Innovations such as onboard cameras, re-launching the UCI Hour Record – to which 2015 has seen no less than eight attempts, including new records for both men [Bradley Wiggins, 54.526km] and women [Molly Shaffer Van Houweling, 46.273km] – and new investment in UCI digital and social media are absolutely key to delivering global cycling growth. We re-launched our website just over a year ago and it is now attracting around 50% more traffic. We have also embraced social media and now reach a cumulative audience of 1 million followers across all our platforms.
Attracting many more fans to our great sport also means integrating BMX Freestyle Park into the UCI calendar and creating the UCI BMX Freestyle Park World Cup in 2016 and the UCI Urban Cycling World Championships starting in 2017.
2015 also saw the use for the first time of disc brakes in the UCI WorldTour. Following these initial trials, disc brakes will be allowed for further trials in 2016 across all divisions of UCI professional road teams: UCI WorldTeams, UCI Professional Continental Teams, UCI Continental Teams and UCI Women’s Teams.
And in October, Abu Dhabi hosted the first ever UCI Cycling Gala where our family came together to celebrate the standout performances from the 2015 UCI WorldTour. This is another step towards creating a compelling narrative that gives fans, broadcasters and our stakeholders an exciting summary of the Cycling year.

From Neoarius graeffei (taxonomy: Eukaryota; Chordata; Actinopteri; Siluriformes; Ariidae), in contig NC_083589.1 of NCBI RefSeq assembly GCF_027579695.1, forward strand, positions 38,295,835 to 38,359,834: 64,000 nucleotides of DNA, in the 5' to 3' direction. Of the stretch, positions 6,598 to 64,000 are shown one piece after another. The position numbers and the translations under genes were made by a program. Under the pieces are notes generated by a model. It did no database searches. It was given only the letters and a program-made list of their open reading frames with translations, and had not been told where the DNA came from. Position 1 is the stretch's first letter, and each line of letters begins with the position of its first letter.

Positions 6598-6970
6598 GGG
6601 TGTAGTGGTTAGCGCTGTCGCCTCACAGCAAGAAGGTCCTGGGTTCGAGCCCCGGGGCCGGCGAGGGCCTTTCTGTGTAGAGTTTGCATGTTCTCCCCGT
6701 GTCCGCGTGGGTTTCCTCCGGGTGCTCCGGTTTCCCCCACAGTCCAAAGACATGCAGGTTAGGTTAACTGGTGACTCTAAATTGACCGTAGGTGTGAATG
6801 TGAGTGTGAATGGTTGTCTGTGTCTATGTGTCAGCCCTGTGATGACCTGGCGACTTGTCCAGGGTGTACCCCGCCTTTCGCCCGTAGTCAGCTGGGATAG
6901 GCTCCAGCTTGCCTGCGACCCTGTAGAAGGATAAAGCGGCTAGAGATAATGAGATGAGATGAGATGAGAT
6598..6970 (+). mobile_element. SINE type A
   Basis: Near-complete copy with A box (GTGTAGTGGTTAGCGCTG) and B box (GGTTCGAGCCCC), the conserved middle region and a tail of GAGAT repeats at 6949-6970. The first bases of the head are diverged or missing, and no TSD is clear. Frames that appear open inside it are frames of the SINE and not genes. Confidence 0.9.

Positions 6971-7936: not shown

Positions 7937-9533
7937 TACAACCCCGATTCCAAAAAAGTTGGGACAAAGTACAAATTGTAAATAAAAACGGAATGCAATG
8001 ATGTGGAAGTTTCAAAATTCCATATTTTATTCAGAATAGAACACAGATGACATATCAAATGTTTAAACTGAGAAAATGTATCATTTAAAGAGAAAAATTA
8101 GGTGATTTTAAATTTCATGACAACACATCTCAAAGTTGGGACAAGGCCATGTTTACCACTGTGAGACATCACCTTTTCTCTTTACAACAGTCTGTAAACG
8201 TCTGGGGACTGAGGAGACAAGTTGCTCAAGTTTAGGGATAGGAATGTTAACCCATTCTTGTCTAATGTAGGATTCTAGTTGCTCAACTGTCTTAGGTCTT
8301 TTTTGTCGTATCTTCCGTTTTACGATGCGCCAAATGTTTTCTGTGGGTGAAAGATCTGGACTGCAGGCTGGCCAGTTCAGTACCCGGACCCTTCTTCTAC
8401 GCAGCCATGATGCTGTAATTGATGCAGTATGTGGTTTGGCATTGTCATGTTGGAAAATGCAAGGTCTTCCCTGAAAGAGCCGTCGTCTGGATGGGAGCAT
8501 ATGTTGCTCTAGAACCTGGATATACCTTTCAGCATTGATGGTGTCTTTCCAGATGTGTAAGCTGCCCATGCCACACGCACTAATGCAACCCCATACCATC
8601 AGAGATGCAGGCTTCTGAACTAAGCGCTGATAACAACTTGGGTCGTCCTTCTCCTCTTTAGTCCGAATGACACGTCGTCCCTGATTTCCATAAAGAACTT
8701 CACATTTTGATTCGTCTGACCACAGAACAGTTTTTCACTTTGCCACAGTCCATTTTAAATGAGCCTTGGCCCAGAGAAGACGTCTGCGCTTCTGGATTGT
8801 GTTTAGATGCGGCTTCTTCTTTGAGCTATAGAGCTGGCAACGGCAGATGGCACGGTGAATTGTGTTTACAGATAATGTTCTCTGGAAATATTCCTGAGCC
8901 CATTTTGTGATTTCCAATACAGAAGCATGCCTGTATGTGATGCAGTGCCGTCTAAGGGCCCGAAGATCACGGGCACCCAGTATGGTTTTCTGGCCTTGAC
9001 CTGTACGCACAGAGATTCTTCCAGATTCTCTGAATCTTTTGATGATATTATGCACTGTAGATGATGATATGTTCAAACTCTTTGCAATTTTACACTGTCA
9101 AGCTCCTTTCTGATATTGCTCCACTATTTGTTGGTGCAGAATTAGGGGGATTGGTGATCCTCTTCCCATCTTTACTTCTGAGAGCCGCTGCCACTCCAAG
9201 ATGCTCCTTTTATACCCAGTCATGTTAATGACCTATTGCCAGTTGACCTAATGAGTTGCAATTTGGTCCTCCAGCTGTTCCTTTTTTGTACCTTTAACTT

We have made huge progress over the past year and, while it’s important to remember that I am only half way through my first term as UCI President, I am confident that at the end of those four years, even greater advances will have been delivered.
2016 promises to be a breakout year for our sport as we look towards the Rio Olympic Games. We have an incredible road race route which will provide a fantastic experience for riders and a magnificent backdrop for the billions who will watch on TV and online. We will see what is expected to be the best ever Olympic mountain bike course, three more nations compete in BMX and more of the world’s very best riders compete in Sprint and Keirin at Rio.
I also want to ensure that we support the hosts of our major events to drive cycling even more into the mainstream – this is why we re-launched the UCI Bike City label in 2015. We want to build long-term relationships with cities and regions to help them transform into cycle friendly environments, to help drive policy change and cycling investment at the local level. This is a major area that, if we get right, will have a profound impact on major event legacy, getting many more people on their bikes around the world.
We have recently unveiled a more proactive, transparent bidding process for the UCI’s major events that is more professional, and also works much more closely with National Federations. Events such as the 2017 UCI Road World Championships in Bergen and the BMX World Championships in Colombia next year have a great opportunity to set the bar – not just in terms of elite organisation, but also in taking cycling to the masses. Indeed – the 2017 Championship in Bergen is already rolling out child cycle training and bike infrastructure.
The progress we are making has not come about by chance. It has been delivered through hard work and dedication and I am grateful for all the support of the global cycling family – particularly our member federations – in driving our great sport forward.
Finally, I want to thank the many thousands of volunteers across the world who give their time to help nurture our great sport. Without your support, cycling would not be in the strong place it now finds itself. To all of you, season’s greetings and a very happy and healthy 2016.